For my Hometown Moms

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Every so often, at a school or sports event, I will look out at the sea of kids and realize the rare privilege we have. We are connected because we occupy one speck of a dot on a map and we are raising our kids in this speck, at this time. We’ve watched this batch of kids during Kindergarten Harvest days, tee ball, and story-times. We cheered when we saw these kids get their first hit, or basket, dance solo, or line in a play. We see these same kids grow and struggle as they become young men and young women, and we are beginning to see their adult selves. Their bodies are changing, sometimes in rapid and scary ways. They’re relating to each other in different ways, too, and it’s comforting and wonderful to see the effect of good friends on them. We catch them laughing or being silly without regard for how they look in that moment and at those times, we see their six-year old selves. We remember, we look back, and we look ahead. We worry together, vote together, run scenarios by each other. We are relieved when we find out that our kids are, in fact, ‘normal’. We are connected by email, practice schedules, and carpools, but we seldom grasp how extraordinary our ordinary lives really are. There is something sacred in the way we are raising our children together in this speck of a dot on a map. We see one child struggle out of shyness and one whose hair hides his face… one uneasy in her own skin, one who strives and one who slacks, one who makes everyone smile. We see their new glasses, hear them try on profanity, see how hard they try. We marvel at how very quickly they are growing up because weren’t they babies just last week?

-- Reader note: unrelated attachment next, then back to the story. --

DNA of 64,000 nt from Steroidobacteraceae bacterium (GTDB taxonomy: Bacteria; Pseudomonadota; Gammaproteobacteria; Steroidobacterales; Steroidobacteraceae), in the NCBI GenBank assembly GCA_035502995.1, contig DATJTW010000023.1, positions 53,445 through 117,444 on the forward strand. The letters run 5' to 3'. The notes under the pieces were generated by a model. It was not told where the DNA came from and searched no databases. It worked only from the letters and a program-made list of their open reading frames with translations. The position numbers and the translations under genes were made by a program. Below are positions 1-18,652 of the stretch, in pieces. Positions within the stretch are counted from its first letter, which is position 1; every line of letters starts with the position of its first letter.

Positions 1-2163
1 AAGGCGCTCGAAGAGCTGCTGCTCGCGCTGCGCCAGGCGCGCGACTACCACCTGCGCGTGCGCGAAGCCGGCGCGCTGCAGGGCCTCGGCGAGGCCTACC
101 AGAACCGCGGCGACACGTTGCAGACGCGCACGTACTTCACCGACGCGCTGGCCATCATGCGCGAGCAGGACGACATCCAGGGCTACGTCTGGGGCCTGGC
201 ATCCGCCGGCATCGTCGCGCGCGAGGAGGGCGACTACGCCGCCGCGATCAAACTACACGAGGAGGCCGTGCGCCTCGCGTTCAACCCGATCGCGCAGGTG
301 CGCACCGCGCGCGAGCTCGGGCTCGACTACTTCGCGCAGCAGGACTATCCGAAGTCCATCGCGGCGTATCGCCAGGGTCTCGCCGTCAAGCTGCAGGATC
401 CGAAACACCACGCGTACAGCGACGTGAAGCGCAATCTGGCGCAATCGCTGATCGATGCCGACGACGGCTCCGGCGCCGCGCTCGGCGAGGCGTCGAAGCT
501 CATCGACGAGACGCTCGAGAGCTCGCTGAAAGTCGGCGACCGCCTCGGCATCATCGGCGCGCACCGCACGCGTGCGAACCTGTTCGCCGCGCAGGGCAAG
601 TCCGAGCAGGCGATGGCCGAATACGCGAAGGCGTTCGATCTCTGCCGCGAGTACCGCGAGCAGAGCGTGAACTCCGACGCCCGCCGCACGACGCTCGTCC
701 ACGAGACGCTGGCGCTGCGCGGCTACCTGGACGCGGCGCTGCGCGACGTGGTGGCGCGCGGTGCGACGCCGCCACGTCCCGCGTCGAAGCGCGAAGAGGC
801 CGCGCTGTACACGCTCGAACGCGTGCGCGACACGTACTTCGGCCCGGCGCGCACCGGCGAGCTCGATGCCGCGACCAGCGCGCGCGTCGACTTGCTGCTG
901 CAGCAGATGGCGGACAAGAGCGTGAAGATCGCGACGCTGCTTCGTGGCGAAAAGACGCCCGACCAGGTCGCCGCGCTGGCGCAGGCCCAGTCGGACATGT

We think: These Are Our Kids. All of them.

One day, God willing, we will sit in a chair at a high school graduation and marvel and remember…because we are a handful of people that will remember each others’ children when they were small. And because we have been rooting for them all along.

Until then, we’re here…on the sidelines, in the audience, in our vans driving them where they need to be. We’re talking and listening, processing, agonizing, worrying, and laughing. We’re in it together, and I couldn’t be happier about that. In this town that presents us with so many challenges, we are so gifted with each other. Thanks for all you are.

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